A rheumatologist is an internal medicine doctor or pediatrician who has specialized training and qualification in the diagnosis and treatment of rheumatic diseases affecting the musculoskeletal system, including the joints, muscles, bones, and surrounding tissues.
What Rheumatologists Treat
With over 100 known types of rheumatic disease, rheumatologists are instrumental in the treatment of complex conditions such as rheumatoid arthritis, osteoarthritis, gout, lupus, and fibromyalgia, among others.
When to See a Rheumatologist for Arthritis
Many times pain in the joints is relatively minor and will subside after a few days of modified activity and rest. If pain becomes worse or persists for a week or more, an underlying medical condition may be to blame and an appointment should be made with a general practitioner.
Often the diagnosis and cause of these conditions can be unclear and thus beyond the capabilities of a general practitioner. At this point, a rheumatologist may be consulted to ensure an accurate diagnosis and appropriate treatment plan are developed.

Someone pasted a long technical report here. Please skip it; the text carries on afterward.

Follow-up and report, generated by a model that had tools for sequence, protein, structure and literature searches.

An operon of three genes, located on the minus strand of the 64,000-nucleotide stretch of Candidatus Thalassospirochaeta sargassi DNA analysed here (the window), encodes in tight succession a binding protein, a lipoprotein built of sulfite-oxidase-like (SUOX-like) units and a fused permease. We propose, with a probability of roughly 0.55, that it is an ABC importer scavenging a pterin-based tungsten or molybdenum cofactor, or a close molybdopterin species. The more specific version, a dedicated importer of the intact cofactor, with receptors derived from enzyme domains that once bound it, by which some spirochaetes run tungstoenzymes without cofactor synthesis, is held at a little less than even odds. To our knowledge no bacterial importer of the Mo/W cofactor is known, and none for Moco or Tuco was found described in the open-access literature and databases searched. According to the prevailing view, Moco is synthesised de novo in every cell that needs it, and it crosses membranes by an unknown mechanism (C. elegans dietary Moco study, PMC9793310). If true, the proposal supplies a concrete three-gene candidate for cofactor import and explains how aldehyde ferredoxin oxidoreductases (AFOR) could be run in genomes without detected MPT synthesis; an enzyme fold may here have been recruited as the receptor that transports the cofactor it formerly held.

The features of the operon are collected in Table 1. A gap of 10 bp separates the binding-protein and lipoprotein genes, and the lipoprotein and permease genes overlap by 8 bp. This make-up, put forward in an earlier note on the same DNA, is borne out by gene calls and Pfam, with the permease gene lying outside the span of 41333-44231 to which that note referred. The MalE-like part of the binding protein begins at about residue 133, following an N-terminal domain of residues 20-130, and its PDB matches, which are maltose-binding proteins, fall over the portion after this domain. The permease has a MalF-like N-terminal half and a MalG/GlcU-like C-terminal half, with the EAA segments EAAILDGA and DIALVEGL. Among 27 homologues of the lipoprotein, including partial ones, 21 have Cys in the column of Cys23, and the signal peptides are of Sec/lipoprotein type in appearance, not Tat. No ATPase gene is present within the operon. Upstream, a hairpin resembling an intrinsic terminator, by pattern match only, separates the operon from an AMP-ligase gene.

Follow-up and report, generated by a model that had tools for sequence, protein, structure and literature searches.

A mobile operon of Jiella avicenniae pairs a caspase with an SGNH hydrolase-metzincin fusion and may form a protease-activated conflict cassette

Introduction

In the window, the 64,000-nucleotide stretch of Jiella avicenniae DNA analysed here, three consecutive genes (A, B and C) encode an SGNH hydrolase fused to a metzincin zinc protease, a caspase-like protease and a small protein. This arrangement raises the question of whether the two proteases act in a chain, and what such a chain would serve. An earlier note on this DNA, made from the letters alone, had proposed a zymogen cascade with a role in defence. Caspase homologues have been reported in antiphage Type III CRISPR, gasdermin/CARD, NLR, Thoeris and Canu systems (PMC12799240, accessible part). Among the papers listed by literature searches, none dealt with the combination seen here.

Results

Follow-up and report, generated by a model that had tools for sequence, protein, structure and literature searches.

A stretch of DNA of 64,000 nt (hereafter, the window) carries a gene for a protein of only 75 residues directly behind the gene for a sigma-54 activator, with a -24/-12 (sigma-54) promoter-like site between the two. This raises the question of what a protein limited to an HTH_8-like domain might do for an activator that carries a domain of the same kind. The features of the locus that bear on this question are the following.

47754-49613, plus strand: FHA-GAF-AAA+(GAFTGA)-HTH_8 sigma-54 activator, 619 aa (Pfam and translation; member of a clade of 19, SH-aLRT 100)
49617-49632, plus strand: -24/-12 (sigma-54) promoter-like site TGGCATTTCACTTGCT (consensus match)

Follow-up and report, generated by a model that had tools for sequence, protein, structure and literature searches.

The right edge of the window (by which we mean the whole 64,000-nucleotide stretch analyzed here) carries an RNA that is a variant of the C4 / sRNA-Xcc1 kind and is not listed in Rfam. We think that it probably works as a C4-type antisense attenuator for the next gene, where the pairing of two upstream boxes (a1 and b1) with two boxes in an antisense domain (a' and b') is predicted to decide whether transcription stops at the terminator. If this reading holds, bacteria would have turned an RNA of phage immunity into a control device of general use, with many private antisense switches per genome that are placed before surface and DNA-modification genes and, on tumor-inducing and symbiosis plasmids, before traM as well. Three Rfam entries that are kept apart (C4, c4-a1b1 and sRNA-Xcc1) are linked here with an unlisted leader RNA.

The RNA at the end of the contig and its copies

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Early treatment is often the best treatment, but many rheumatic diseases are difficult to identify until they enter later stages. Rheumatologists are specially trained to detect the causes of pain and swelling that may evade the general practitioner, and thus allow earlier, more effective forms of treatment. Treatment is usually based around the use of medications and the coordination of care among other types of healthcare professionals who treat arthritis.
In This Article:
- Arthritis Treatment Specialists
- Rheumatologist for Arthritis Treatment
- Physiatrist for Arthritis Treatment
- Orthopedic Surgeon for Arthritis Treatment
- Other Specialists for Arthritis Treatment
Training to Become a Rheumatologist
Like all other medical doctors, rheumatologists must complete four years of medical school followed by three years of training (residency) in pediatrics or internal medicine. In addition, rheumatologists complete two or three years of specialized rheumatology training in a rheumatology fellowship before sitting for a national exam for board certification. Continuing education and recertification every 10 years is required for all physicians receiving their board certification after 1990.